A synthetic identity is a fake identity cobbled together out of different elements of real and made-up identities. A synthetic identity could have a real social security number, a different real name, and a phony street address.
Fraudsters like synthetic identities because it’s not as easy to spot them. Stolen identities are often found out when the victim realizes their credit score has plummeted, but it takes longer for banks and reporting agencies to connect the dots between the disparate elements of a synthetic identity. This gives the fraudster more time to carry out their schemes, resulting in higher payoffs.
Even though a synthetic identity never starts out with a valid credit history, it’s not too difficult to build one up. Fraudsters can get store cards and gas cards without a credit history, and the application process alone is sufficient to get the ball rolling for offers to start coming in.
Who Are the Primary Victims of Bust-Out Fraud?
The immediate financial impact of bust-out fraud falls squarely on the issuing banks and credit card networks who provided the fraudsters with payment cards in the first place. But it doesn’t stop there.
Bust-out fraud also hurts merchants and consumers, who pick up the costs of fraud passed down by the big financial institutions. It can also do serious damage to the credit scores of the individuals whose identities are used, whole or in part, to apply for the cards used in these schemes.
While it is uncommon for bust-out fraud to result in chargebacks, acts of fraud in which the damage runs into five, six, or even higher figures can have a disproportionate effect on consumer confidence, processing costs, and other elements of the economic landscape in which merchants operate.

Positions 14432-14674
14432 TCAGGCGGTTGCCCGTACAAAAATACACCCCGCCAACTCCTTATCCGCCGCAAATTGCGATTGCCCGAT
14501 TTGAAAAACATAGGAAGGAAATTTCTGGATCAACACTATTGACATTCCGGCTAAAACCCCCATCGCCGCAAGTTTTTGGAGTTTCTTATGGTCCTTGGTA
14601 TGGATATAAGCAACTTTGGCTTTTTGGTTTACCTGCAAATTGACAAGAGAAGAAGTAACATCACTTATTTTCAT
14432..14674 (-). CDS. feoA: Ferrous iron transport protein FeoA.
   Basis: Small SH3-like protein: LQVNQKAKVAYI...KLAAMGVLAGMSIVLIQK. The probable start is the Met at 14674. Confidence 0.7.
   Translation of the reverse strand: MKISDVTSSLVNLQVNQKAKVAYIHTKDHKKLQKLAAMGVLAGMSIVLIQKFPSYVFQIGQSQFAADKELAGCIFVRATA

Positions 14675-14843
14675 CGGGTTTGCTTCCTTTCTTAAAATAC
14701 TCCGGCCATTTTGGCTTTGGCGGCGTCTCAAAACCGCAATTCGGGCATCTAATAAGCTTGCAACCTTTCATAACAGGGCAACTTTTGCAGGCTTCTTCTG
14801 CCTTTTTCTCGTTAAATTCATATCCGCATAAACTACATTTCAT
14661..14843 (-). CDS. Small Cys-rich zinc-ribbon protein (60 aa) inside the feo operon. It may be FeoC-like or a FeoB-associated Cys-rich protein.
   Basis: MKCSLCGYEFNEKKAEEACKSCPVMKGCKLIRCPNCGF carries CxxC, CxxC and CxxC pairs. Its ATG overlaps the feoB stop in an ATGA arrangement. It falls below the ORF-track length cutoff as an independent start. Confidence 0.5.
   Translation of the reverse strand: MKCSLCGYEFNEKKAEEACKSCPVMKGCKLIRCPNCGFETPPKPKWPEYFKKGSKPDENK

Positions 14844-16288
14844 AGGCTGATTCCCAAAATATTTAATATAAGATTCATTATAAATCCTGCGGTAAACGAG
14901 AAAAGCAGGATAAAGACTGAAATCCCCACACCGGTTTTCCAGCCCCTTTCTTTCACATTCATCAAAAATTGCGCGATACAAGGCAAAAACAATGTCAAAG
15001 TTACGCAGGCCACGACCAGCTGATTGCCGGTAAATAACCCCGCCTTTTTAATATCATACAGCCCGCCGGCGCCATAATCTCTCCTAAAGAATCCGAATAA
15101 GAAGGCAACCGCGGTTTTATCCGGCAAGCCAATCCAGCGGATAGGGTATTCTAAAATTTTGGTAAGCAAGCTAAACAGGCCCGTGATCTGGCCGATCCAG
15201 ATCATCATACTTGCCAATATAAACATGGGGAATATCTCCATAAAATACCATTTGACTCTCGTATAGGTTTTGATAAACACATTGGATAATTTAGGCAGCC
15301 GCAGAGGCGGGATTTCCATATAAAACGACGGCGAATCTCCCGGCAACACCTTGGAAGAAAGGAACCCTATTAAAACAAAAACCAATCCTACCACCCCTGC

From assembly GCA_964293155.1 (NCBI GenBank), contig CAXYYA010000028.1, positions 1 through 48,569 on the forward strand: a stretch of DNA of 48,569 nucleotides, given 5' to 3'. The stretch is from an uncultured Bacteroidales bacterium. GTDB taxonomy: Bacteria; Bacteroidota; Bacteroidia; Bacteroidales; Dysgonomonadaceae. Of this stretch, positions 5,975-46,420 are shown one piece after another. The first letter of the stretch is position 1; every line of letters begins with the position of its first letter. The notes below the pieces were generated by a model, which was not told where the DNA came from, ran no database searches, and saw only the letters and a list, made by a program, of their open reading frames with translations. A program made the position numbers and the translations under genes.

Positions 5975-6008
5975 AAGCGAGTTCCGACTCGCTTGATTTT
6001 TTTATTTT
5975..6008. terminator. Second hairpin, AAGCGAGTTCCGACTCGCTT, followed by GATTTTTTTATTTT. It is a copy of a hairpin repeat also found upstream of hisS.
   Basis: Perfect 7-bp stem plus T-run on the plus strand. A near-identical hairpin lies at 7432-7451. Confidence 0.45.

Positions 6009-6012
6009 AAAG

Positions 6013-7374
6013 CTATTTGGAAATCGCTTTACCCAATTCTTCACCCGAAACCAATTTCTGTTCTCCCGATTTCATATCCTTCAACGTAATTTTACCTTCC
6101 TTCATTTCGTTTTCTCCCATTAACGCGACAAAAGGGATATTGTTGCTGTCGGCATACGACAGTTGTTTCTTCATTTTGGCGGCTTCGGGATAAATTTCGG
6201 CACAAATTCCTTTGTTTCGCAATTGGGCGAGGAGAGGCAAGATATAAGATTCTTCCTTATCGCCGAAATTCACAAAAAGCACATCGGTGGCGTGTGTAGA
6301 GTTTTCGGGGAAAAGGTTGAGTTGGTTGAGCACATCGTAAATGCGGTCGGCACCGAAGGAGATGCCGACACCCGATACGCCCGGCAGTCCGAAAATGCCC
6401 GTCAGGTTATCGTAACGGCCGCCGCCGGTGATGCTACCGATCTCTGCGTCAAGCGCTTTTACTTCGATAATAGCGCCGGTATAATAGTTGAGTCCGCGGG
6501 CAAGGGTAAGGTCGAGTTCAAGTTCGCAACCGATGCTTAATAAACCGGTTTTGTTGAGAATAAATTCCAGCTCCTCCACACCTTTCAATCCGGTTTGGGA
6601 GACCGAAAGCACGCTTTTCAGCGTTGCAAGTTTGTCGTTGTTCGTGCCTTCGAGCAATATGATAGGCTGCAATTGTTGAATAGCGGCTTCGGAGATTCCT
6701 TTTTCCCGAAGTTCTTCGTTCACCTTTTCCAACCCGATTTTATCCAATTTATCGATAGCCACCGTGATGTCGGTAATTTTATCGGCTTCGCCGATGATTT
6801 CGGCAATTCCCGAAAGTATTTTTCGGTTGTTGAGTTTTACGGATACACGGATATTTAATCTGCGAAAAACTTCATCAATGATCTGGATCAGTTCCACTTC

How Can Bust-Out Fraud Be Detected?
Merchants aren’t the front line of defense against bust-out fraud. It’s really up to issuers to ensure that they aren’t giving cards out to people who aren’t why they say they are. Here’s what they should be watching out for:
- A higher-than-average number of cards linked to a single identity.
- A cardholder identity with inconsistent or unusual personal information.
- A credit history that contains only credit card applications, no home or car loans.
- Lots of requests to increase credit limits.
Merchants are, however, in a position to notice when the bust-out is about to happen. It’s a red flag when a customer, who previously had only been making small purchases, suddenly buys big expensive items with a high resale value.
While bust-out fraud is more likely to cause direct losses for financial institutions as opposed to merchants, some of the tactics it utilizes—such as synthetic identity theft—can be used in schemes that do target merchants and lead to chargebacks, such as account takeover fraud. It’s not easy to stop fraudsters hiding behind synthetic identities, but there are ways.
Security solutions that make use of artificial intelligence, machine learning, and behavioral analytics to identify fraudulent patterns can look beyond the obvious signifiers and spot fraudsters with uncanny accuracy.
If you’re worried about high-tech fraud, work with your trusted partners in payment security to help you come up with equally high-tech defenses.
- The Truth About Chargeback Alert Networks
- Preventing Policy Abuse
- Online Travel Agency Chargebacks
- Holiday Fraud and Chargebacks
- Fighting iGaming Chargebacks
- Payment Optimization
- PINless Debit Routing
- Evaluating and Improving Return Policies
- Chargebacks When Children Make Unauthorized Purchases
- NFC Contactless Payments